Camel Safari

I decided to rope two single travelling girls (who both happened to be from America) into renting two mopeds to travel into the middle of the desert for a camel safari.

I dislike tours with a passion and I feel restricted from doing what I want to do. I don’t like having to follow a program like sheep as we do the most touristic things possible for a high price. After having told a slight fib about having driven plenty of bikes in the past, I finally got them both in agreement. It was an automatic and so how tricky could it have been? Well it turns out to have been a little in the small back streets of busy Indian roads but as soon as we were on our way to the Sam sand dunes, it was like riding a peddle bike.

And hour and a half or so later, we came across a camel safari business who were willing to take us out on camels for the night. 500 Rupees and a bit of drama later, we were all on our camels on the way to nowhere. My camel was called Michael Jackson, which I loved seeing as I have always been obsessed with the singer since I could remember. I always used him at school when being asked to write about ‘my hero’ and have still got his tape which was the first ever tape which I owned (along with The Beetles double cassette).

The heat during the day was immense and I was surprised that I didn’t end up looking as red as their sunset. Four hours and a very sore bottom later, we arrived at the destination in which we were to spend the rest of the night. A fire was created and dinner was cooked for us. It really did feel perfect to me just being able to share stories and giggle over an open fire with nothing but glasses of whisky and the stars which filled the night sky. I find it strange, yet pleasant how close and open you can get to people when you travel. It’s always a mutual thing, which is lovely. Since I was young, I never liked to openly and honestly discuss even the simple of things like my parents divorce, general family issues, love, loss, pain and suffering of any kind. And I don’t even mean any of this in the dramatic sense as at the end of the day I think I’ve had a great life and I wouldn’t have wished it to turn out any other way. It’s just that I never liked to express negative emotions to others. It was as if I was ashamed of doing such. As if being sad or feeling down meant that I was failing in one way or another. But that’s not the case. I have since learnt that it’s okay to feel upset. It’s okay to cry about things which aren’t as you would have liked them to be. It’s okay to get angry and scream to the open air to let all the pain out.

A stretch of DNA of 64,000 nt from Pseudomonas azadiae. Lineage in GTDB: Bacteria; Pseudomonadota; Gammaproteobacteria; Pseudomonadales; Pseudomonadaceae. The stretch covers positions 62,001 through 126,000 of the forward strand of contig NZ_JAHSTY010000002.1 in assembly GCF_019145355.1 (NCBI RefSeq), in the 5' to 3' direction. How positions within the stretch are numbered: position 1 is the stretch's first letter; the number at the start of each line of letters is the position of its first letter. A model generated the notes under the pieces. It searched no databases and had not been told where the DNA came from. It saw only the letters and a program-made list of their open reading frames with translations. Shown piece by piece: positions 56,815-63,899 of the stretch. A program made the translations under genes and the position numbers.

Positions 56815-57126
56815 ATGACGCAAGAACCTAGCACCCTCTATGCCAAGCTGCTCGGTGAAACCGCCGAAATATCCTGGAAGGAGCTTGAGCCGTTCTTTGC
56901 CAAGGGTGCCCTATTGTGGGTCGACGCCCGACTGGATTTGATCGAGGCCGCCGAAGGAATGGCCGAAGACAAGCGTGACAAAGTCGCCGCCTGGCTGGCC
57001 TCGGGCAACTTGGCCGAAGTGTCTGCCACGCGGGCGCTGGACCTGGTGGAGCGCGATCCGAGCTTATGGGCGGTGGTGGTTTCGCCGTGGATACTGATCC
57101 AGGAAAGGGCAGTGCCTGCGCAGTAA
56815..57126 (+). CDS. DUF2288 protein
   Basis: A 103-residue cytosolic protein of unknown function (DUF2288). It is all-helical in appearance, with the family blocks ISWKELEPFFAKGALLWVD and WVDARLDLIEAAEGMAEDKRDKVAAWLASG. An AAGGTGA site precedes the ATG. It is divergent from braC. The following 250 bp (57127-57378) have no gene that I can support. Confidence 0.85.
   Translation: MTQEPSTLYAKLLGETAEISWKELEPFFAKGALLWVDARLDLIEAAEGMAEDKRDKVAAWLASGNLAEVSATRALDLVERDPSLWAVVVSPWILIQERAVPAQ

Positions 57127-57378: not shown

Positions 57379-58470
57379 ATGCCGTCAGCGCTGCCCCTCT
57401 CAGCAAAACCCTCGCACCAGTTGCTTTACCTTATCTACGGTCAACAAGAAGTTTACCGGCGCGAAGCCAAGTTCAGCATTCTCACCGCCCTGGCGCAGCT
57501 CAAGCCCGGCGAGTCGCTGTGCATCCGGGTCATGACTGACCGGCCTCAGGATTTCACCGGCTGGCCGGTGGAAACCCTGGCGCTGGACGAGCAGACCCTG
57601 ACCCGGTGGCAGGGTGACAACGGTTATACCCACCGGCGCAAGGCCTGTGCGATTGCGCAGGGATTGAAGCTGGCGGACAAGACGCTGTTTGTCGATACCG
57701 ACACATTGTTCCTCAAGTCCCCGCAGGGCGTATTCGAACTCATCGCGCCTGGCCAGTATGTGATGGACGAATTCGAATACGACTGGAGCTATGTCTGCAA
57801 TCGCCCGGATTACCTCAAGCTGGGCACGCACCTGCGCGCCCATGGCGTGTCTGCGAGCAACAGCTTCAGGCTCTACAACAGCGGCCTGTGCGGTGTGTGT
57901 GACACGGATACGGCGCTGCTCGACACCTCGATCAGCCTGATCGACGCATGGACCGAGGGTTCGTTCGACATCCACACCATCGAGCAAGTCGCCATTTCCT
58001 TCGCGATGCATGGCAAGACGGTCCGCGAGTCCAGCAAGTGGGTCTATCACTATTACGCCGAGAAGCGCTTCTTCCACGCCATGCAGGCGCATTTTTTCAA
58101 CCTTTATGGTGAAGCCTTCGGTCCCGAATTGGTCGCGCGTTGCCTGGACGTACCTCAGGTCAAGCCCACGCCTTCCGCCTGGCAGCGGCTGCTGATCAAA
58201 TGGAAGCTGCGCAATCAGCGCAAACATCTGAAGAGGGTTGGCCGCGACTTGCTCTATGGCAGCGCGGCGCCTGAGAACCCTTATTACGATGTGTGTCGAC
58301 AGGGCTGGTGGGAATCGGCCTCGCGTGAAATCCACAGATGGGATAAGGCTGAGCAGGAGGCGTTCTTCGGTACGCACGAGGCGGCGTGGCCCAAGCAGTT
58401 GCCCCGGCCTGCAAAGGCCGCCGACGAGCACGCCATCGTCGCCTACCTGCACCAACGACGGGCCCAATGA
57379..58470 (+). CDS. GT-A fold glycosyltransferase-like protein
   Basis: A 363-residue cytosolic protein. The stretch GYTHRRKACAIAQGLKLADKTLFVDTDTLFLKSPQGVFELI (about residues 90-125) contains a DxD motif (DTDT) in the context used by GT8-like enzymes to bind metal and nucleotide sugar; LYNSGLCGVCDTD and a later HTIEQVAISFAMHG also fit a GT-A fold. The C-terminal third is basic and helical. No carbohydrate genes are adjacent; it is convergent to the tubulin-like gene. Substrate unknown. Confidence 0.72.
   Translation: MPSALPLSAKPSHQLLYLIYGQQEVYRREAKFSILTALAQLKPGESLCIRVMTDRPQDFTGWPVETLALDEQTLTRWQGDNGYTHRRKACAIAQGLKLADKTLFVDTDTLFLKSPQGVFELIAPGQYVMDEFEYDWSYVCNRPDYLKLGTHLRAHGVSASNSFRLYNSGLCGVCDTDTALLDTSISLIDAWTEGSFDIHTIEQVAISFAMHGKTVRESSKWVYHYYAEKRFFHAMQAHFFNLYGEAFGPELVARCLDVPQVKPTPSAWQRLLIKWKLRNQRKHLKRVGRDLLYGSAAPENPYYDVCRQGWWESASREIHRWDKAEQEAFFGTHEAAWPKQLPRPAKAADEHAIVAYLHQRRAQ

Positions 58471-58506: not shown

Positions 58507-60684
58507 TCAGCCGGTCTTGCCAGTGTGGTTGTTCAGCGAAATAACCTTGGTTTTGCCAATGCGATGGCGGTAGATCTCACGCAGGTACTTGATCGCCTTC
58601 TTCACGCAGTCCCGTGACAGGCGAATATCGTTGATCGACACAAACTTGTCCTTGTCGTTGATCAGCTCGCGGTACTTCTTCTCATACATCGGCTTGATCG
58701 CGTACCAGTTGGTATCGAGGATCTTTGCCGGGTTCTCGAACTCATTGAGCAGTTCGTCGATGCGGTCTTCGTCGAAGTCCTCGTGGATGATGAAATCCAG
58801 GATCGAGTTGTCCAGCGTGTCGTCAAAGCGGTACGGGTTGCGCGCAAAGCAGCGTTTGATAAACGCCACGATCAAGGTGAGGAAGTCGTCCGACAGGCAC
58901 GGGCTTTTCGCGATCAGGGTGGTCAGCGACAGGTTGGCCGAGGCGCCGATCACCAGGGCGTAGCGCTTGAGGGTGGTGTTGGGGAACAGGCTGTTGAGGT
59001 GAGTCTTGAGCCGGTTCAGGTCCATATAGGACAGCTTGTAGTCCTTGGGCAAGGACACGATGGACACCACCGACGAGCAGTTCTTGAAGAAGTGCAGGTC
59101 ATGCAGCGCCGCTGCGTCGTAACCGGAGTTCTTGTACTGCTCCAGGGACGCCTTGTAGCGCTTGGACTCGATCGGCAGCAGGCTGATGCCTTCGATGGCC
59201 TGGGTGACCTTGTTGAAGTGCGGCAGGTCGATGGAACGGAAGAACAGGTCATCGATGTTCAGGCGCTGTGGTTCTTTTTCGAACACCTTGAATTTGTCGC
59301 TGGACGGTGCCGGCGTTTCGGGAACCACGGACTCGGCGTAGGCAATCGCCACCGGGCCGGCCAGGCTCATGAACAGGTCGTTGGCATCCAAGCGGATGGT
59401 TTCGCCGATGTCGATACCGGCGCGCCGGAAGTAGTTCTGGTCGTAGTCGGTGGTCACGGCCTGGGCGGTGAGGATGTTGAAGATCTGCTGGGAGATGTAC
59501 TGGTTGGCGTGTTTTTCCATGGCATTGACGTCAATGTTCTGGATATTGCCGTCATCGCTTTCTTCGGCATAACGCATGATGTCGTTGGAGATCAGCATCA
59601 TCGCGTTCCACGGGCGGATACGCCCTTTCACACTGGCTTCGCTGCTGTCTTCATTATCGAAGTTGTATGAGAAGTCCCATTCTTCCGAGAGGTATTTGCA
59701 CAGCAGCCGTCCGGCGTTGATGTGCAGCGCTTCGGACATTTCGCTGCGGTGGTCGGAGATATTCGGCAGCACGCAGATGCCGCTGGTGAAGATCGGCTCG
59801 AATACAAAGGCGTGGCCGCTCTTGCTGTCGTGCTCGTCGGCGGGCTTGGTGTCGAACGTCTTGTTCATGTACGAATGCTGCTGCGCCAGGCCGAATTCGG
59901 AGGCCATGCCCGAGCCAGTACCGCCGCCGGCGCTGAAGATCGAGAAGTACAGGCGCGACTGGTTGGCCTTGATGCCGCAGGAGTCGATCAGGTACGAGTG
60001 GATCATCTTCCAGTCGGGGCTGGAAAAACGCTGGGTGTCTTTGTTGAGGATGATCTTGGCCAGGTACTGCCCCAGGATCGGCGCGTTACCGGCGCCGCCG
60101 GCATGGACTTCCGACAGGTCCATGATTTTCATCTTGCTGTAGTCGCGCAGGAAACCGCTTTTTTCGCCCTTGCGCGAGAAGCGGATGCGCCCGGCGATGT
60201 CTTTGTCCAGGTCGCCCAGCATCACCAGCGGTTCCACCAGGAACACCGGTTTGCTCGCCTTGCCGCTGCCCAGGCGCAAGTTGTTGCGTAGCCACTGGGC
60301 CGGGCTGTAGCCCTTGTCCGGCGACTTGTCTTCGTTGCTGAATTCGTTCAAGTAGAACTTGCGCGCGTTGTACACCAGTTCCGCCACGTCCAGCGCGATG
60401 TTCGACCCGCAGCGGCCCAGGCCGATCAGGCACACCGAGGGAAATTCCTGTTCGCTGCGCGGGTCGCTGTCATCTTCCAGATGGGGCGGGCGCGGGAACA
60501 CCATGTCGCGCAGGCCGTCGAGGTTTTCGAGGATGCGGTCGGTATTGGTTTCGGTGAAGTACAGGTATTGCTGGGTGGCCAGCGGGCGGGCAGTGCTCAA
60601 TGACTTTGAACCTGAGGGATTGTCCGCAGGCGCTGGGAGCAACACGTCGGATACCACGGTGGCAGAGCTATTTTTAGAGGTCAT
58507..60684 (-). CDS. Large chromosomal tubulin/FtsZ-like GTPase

So we drink and share into the night until we decide it’s bed time in which we then sleep directly under the stars. It’s at this point I look directly up and take a deep breath in. I hold it for a while. And breathe out. I then whisper to myself ‘I really wouldn’t want to be anywhere else right now’. And it was true. And it felt great.

Being as secondary school, people always ask you what you want to be and do when you’re older. Where do you see yourself when you’re 20? What about 25? 30? I never knew the answer and it’s always bothered me. I had no idea whether I was to still be studying at 20. Or if I were to be working in a small corner shop. But I NEVER imagined that I would be in India. I never thought the Taj Mahal was something I was going to see in a lifetime, let alone when I’m 20! To think about this gives me a great sense of achievement. It’s a fabulous feeling to be able to say to yourself ‘Yeah….I’m doing this!’ It’s also a great feeling to feel that I’m NOT a failure just because I decided against going to university. Honestly, ‘failure’ was the word that circled my head when I made the decision to turn to travelling instead. I felt as though I were letting my family down. But given the fact that my father got himself a PhD in chemistry, it’s not surprising that I would feel this way. In the last few years I have even discussed this with my father and it’s so reassuring to know that even though at the beginning he admits that university was something he wished for my brother and I to attend, he’s delighted with what we have accomplished from travelling instead.